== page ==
Diffusive, Synaptic, and Synergetic Coupling: An Evaluation Through In-Phase and Antiphase Rhythmic Movements

Dagmar Sternad, Eric L. Amazeen, M. T. Turvey

Research output: Contribution to journalArticlepeer-review

65 Scopus citations


The in-phase and antiphase patterns of interlimb 1:1 frequency locking were contrasted with respect to models of coordination dynamics in biological movement systems that are based on diffusive coupling, synaptic coupling, and synergetic principles. Predictions were made from each model concerning the stable relative phase φ between the rhythmic units, its standard deviation SDφ and the self-chosen coupled frequency ωc The experimental task involved human subjects oscillating two handheld pendulums either in-phase or antiphase. The eigenfrequencies of the two hand-pendulum systems were manipulated by varying the length and mass of each pendulum individually. Relative to an eigenfrequency difference of δωequal to zero, |Δ| > 0 displaced φ from φ = 0 and φ = π, and amplified SDφ. ωc decreased with |Δω|. Both the displacement of φ and SDφ were greater in the antiphase mode. Additionally, the displacement of φ increased more sharply with |Δω| for antiphase than for in-phase coordination. In contrast, ωc was identical for the two coordination modes. Of the models of interlimb coordination dynamics, the synergetic model was the most successful in addressing the pattern of dependencies of φ and SDφ. The specific forms of the functions relating ωc and φ to Δωpose challenges for all three models, however.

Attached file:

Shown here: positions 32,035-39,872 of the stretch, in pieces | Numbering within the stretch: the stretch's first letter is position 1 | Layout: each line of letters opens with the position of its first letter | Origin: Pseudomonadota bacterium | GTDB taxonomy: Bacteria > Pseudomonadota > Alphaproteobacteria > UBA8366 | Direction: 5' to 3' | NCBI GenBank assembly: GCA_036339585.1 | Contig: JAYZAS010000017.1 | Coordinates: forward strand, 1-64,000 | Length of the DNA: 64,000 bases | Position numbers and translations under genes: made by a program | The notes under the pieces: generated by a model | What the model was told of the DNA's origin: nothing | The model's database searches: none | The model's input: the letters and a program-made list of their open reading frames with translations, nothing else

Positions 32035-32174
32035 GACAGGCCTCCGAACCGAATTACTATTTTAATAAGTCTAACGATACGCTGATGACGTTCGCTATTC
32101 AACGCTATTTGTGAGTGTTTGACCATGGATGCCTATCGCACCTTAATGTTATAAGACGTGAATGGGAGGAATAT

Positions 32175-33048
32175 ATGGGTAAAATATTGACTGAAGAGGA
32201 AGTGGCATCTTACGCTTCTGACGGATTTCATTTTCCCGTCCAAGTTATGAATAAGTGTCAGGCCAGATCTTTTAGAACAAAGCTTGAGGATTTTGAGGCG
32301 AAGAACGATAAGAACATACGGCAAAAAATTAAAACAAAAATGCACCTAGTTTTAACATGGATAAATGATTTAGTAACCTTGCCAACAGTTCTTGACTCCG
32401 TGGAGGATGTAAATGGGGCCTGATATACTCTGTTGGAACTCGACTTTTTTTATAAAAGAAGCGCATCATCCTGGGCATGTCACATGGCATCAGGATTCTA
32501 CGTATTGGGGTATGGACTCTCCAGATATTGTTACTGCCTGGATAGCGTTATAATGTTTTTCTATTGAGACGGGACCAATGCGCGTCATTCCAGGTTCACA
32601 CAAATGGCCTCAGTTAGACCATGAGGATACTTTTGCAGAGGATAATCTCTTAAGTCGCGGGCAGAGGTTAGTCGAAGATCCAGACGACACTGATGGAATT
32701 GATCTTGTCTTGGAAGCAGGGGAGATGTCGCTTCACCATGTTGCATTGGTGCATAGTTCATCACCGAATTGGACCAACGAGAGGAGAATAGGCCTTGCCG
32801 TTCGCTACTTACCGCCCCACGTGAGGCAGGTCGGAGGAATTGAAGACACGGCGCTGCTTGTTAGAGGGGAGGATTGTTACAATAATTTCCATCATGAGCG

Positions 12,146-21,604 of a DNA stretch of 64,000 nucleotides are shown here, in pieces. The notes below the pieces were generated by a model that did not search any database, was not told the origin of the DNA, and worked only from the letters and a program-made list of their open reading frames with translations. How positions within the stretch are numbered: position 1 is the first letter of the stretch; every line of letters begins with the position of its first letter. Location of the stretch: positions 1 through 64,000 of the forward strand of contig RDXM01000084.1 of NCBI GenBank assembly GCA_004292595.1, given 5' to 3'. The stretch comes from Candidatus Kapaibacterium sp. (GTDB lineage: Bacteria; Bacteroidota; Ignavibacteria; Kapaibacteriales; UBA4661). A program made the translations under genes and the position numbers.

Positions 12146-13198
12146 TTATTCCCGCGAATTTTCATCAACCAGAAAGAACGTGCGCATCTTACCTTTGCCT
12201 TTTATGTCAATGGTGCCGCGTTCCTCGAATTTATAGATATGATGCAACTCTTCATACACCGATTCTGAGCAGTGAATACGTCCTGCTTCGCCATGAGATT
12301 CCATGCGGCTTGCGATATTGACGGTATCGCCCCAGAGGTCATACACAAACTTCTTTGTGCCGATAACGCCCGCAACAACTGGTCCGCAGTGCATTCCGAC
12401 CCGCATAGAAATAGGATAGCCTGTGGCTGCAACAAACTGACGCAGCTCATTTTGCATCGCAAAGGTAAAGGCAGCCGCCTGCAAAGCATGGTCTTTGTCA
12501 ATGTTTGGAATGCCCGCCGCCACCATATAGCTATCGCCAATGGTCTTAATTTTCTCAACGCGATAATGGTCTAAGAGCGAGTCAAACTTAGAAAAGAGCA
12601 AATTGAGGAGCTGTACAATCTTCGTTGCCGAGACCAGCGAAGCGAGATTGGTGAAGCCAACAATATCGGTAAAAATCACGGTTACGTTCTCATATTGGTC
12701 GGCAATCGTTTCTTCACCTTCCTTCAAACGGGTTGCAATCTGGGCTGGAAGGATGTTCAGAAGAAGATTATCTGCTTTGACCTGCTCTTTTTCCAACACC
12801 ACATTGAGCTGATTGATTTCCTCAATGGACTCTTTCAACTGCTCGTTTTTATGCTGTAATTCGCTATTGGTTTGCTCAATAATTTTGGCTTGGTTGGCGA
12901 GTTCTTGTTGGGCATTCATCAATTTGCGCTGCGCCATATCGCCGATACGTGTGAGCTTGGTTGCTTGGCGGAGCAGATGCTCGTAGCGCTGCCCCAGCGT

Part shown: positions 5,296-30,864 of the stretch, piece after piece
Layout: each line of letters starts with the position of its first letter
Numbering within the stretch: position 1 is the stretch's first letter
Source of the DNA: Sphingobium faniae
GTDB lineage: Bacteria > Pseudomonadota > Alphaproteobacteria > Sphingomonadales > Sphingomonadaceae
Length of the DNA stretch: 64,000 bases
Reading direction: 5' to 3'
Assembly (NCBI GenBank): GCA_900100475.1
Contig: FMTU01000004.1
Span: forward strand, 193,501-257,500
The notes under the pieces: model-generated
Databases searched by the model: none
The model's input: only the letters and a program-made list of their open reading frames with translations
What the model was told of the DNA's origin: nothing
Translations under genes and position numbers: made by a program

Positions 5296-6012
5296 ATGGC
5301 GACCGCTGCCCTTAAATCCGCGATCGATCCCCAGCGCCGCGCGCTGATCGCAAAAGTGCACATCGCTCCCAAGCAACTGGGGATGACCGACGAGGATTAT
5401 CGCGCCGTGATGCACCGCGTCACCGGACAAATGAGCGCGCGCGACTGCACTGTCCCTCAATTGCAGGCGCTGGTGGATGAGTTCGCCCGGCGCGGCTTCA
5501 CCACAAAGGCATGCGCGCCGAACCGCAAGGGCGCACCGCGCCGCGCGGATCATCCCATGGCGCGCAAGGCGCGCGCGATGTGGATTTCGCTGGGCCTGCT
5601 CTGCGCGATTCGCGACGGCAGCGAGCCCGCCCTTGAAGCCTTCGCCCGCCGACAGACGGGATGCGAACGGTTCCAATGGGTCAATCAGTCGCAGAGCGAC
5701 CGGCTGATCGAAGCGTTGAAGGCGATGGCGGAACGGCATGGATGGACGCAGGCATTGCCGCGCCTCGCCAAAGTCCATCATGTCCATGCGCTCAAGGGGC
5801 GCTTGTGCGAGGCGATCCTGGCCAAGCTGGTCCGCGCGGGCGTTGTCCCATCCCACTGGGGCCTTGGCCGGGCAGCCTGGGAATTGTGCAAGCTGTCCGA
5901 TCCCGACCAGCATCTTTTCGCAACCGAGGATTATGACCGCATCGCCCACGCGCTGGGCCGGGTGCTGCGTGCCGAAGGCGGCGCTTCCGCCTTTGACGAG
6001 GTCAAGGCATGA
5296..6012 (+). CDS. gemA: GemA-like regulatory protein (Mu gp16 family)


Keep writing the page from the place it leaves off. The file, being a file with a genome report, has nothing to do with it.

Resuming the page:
Original languageEnglish (US)
Pages (from-to)255-269
Number of pages15
JournalJournal of motor behavior
Issue number3
StatePublished - Sep 1996
Externally publishedYes


  • Coordination
  • Coupling
  • Dynamics
  • Locomotion

ASJC Scopus subject areas

  • Biophysics
  • Orthopedics and Sports Medicine
  • Experimental and Cognitive Psychology
  • Cognitive Neuroscience


Dive into the research topics of 'Diffusive, Synaptic, and Synergetic Coupling: An Evaluation Through In-Phase and Antiphase Rhythmic Movements'. Together they form a unique fingerprint.

Cite this